The kids have been in their US school for about three weeks now (we started them for a few days in December). Unlike their Melbourne school, this is a public school and I am not missing the fees. And the kids do not seem to be lacking for education or happiness. The transition has been wonderfully smooth. I thought, therefore, it was time to give some general impressions starting with ...
... Child No.3 who was due to begin school in January -- the big transition from pre-school. That process had already involved various days designed to smooth the transition, shock or otherwise avert some disaster. Given that we were going away, we missed it all and opted instead for no smoothing process. Child No.3 was thrown into her new school -- effectively a six month jump upwards -- and simply left there the first day. No meeting the classroom (and teacher), controlled expectations, short day introduction, or peers going through the same thing. And there was not one problem. In fact, she kicked us out 5 minutes into the first day and has continued to do so since. This has left me wondering what the point of the big transition process really is.
Child No.2 also had a six month jump upwards and started half way through 4th grade. The logic is that, so everyone had told us, that the US is somewhat slower so he wouldn't have a trouble rounding up rather than rounding down the grade. Although he has had no problem, it is clear that the curriculum is challenging and hardly lagging. Indeed, there is a strong sense of milestones and the children feel that. There are tests all the time with rewards too boot. On his first day there, my son had to do a 300 word spelling quiz for which he got all but 2 right. That won him a prize but he was not the best in the class. As a matter of fact, he was lucky. We asked him how he dealt with words such as "colour" and whether the teacher allowed him to use the English spelling. Turned it the teacher did not allow this but it didn't matter as he thought it was spelled "color" anyway. Blame that one on the Internet.
One reason it is easy for us to see what is going on is that he gets homework -- something they had outlawed at his school in Australia. I don't know if it helps learning but it really helps us in seeing what they are doing. And what is gratifying is that the maths is not stripped down and dressed up on materials designed to obscure that it is really maths. It is just maths, plain and simple. And he loves it.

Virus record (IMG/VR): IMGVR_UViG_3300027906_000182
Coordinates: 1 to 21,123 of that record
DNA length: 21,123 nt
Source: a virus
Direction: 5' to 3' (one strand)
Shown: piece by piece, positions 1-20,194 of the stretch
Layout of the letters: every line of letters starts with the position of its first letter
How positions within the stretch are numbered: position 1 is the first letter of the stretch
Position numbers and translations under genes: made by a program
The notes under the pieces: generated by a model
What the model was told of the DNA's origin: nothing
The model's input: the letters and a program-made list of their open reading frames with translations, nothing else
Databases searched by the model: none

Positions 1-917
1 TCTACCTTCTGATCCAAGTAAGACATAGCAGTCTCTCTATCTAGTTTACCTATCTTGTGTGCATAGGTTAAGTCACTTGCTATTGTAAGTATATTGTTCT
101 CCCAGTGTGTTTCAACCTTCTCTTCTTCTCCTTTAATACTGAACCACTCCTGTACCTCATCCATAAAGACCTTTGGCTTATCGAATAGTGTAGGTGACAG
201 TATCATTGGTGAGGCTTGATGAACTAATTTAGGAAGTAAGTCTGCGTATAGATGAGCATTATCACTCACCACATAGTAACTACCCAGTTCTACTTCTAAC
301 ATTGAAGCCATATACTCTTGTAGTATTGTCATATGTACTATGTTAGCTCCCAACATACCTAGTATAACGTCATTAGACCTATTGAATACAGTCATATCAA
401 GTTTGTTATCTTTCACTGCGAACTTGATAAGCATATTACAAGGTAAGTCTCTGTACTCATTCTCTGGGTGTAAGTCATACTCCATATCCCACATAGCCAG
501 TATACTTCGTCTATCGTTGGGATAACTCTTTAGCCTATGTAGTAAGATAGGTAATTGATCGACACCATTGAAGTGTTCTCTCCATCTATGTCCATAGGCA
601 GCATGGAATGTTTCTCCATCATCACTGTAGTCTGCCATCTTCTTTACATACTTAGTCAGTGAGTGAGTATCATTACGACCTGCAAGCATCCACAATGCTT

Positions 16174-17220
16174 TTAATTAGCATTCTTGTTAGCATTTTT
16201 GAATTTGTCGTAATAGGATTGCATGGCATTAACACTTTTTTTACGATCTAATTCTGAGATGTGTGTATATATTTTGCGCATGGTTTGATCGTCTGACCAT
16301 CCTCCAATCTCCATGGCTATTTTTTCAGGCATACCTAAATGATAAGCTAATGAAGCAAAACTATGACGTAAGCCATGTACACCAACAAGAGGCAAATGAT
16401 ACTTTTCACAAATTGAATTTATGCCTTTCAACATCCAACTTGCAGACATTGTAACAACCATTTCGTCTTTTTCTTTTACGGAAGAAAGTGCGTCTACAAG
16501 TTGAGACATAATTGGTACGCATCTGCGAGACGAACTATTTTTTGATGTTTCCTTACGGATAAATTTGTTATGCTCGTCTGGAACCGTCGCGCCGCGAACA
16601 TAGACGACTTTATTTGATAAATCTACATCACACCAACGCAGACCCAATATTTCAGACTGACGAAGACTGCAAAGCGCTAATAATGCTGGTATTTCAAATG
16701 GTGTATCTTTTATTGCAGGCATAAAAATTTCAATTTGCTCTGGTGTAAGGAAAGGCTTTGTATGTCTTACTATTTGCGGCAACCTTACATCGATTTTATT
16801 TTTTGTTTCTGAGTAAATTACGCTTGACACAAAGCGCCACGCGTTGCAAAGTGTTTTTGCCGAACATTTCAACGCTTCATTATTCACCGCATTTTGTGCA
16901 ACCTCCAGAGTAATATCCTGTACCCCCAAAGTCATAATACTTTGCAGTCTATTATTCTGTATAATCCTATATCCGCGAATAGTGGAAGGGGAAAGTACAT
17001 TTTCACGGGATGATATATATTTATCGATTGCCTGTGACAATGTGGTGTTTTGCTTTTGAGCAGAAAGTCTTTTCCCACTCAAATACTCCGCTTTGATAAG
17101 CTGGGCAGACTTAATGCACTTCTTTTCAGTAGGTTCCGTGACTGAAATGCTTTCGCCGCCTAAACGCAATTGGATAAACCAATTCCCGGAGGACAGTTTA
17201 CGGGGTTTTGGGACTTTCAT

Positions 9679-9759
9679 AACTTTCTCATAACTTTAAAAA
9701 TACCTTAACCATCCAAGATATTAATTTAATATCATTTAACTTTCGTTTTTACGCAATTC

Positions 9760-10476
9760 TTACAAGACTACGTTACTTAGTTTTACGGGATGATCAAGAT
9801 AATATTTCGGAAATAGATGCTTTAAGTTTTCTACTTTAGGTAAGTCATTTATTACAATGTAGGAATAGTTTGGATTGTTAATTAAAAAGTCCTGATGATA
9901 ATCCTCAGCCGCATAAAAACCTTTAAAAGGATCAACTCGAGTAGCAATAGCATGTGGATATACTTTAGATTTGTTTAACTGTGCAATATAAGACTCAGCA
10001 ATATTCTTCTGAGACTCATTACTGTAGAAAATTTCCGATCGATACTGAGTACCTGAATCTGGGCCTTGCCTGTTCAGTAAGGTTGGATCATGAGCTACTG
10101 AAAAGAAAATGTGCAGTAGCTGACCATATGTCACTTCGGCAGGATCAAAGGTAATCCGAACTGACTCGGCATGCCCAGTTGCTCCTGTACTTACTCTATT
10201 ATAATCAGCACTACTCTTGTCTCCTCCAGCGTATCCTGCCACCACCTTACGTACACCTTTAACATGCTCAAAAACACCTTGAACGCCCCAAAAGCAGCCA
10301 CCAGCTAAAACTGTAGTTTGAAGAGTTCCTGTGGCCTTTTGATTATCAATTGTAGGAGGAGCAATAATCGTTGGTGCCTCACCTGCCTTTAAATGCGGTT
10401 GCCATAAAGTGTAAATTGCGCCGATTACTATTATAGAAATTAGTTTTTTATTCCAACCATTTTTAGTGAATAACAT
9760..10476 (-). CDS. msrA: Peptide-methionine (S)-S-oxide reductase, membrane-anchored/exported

But all that is nothing compared to the impact of the new school on Child No.1. She moved into sixth grade which gave her a 'status jump' into what they call Middle School. She no longer has a single teacher but in fact four teachers per day -- one for English, Maths, Social Studies and Science. She also gets Spanish (actually they all do), art and music but they are not everyday. Think about it: science is every day. This was not the case at their school in Australia where they would be lucky to get science once per month. Child No.1 absolutely loves it. At the moment, they are learning about electronics and have to build a project. This is taking her all weekend and many trips to Radio Shack. (Actually, it seems to me that may be some arrangement going on between the science teacher and Radio Shack as exemplified by the number of other children and their beleaguered parents we run into there -- all forking over money in the 'cash for capacitors' scheme). Anyhow, having abandoned a project to build a vending machine she is now constructing an electronic dart board. That, however, has remnants of the vending machine project as it is both coin operated and dispenses food as prizes. I'll be happy if the thing can just make a buzz and a light but I'm not the one with ambition.
Actually, the instructions for the project are interesting. They changed from the previous year where the whole project was designed and built at home. Instead, they can be designed at home but must be assembled at school. I suspect some projects last year were just 'too good.'
My point here is that in the US education system science and maths seems to be everywhere but in the test scores. I also wonder whether the raw delivery of these disciplines will make for better education than the dressed up versions we have experienced in Australia. I like it (as do the kids) but it is too soon to judge its real effectiveness. For the moment, everyone is happy and that is saying quite a bit.